New Photo Exhibit Shows "99 Faces" Of People With Mental Illness

By Kelly Burch 04/04/19

"We have champions in all walks of life. I was like, where are the champions of schizophrenia and bipolar?” said the exhibit's creator.

woman looking at new photo exhibit

An art exhibit in New Hampshire is aiming to break down the stigma around mental illness by displaying 99 life-sized portraits of people who have been touched by mental illness—33 with bipolar disorder, 33 with schizophrenia, and 33 family members.

The photographs, part of an exhibit called “99 Faces,” were taken by Boston-based artist Lynda Michaud Cutrell, according to The Valley News. They are on display at Dartmouth-Hitchcock Medical Center in Lebanon, New Hampshire’s largest hospital, from April to September.

Cutrell wanted to give people with mental illness a chance to advocate for themselves and their loved ones. 

"We have champions in all walks of life,” she said. “I was like, where are the champions of schizophrenia and bipolar?”

Cutrell said that people who see the person behind a diagnosis are more likely to support that person, and less likely to ostracize or “other” them. When attitudes toward mental illness change, “it’s usually because you meet a person,” she said. 

Dartmouth-Hitchcock Medical Center provides psychiatric services and hosts support groups for people with mental illness and their family members. Marianne Barthel, arts program director at the hospital, said that the exhibit can give hope to patients and to the people who come to the hospital for support groups related to mental illness.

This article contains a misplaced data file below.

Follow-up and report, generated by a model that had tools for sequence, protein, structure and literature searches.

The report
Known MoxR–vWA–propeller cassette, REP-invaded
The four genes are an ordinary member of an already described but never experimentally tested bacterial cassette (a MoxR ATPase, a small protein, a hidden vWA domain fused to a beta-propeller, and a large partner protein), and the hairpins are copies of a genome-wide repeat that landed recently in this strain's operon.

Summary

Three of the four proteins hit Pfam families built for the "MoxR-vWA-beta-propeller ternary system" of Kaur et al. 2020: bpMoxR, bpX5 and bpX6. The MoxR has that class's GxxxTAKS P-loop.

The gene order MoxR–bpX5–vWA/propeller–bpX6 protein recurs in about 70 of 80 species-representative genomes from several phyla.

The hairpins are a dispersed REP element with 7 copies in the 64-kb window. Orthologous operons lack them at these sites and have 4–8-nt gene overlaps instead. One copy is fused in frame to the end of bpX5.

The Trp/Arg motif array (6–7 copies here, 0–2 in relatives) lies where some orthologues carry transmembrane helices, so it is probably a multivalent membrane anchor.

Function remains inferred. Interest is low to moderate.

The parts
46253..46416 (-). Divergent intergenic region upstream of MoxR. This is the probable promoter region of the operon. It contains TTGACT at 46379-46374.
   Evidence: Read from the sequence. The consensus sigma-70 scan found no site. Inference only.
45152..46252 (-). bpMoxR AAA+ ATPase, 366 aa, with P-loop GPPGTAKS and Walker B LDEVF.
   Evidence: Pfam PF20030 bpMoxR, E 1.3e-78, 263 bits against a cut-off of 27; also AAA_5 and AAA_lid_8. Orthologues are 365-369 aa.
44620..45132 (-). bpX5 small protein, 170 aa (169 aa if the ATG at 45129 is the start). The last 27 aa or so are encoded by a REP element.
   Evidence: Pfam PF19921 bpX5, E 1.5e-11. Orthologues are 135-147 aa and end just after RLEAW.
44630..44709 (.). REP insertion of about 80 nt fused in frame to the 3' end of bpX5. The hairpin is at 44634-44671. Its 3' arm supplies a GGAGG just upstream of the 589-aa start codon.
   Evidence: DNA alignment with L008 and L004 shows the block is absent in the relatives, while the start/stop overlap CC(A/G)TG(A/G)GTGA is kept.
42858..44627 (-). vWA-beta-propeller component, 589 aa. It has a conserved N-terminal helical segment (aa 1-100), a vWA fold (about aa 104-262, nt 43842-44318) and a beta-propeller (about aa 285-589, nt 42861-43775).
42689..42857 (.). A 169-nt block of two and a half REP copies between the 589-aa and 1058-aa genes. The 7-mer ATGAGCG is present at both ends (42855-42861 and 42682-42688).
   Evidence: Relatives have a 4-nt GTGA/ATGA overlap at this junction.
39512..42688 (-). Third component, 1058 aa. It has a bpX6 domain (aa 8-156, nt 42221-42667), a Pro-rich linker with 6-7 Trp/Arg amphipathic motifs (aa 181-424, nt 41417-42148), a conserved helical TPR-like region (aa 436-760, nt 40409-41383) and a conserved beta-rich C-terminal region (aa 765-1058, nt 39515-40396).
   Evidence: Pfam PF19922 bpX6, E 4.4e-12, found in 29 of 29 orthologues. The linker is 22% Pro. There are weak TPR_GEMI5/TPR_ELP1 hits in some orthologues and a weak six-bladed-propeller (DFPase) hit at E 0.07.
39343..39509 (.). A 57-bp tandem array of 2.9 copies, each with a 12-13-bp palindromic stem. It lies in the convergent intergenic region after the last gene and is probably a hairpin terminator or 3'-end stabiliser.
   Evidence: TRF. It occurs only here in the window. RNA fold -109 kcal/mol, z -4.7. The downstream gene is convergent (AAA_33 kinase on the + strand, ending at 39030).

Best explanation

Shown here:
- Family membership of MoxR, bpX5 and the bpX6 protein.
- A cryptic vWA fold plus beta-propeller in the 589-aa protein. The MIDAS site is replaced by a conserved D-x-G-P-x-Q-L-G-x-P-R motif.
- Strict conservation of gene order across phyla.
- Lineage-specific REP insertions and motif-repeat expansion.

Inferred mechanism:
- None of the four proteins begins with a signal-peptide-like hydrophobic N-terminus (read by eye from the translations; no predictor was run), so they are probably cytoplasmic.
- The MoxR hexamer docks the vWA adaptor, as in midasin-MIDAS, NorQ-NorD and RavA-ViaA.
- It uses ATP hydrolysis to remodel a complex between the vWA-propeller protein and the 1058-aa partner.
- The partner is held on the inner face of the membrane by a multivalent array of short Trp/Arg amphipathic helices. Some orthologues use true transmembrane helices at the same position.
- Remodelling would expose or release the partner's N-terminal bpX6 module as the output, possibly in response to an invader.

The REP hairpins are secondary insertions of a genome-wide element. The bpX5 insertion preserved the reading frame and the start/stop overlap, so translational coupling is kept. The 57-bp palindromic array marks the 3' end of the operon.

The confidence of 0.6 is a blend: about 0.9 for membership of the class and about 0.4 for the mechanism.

“It was really in an effort to de-stigmatize mental health and help give inspiration to those living with mental illness that there are others out there like them who are living successful lives with jobs and families,” Barthel told NHPR. “It really breaks down barriers when you can have a discussion about a serious or personal issue by looking at art.” 

Dartmouth’s Director of Psychiatry, Alan Green, had similar thoughts. “We hope this exhibit will help people understand (that). As a society, we need to realize that this is part of our responsibility,” he said. 

Cutrell was inspired by a family member who is grappling with mental illness. She connected with many of the portraits’ subjects through the National Alliance on Mental Illness. 

“Once I found one family member, I realized there were other family members,” she said. 

Most people she spoke to were excited to be involved with the project. 

She said, “I think how open people became when I gave them this space to be part of something important. It was kind of like a new social value.”

In addition to highlighting her subjects with mental illness, the exhibit makes a nod to the genetic components of the diseases by displaying an artistic representation of a DNA strand from a person with schizophrenia. 

“Whoever it would be, there are some genes that contribute,” Cutrell said. 

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Kelly Burch writes about addiction and mental health issues, particularly as they affect families. Follow her on TwitterFacebook, and LinkedIn.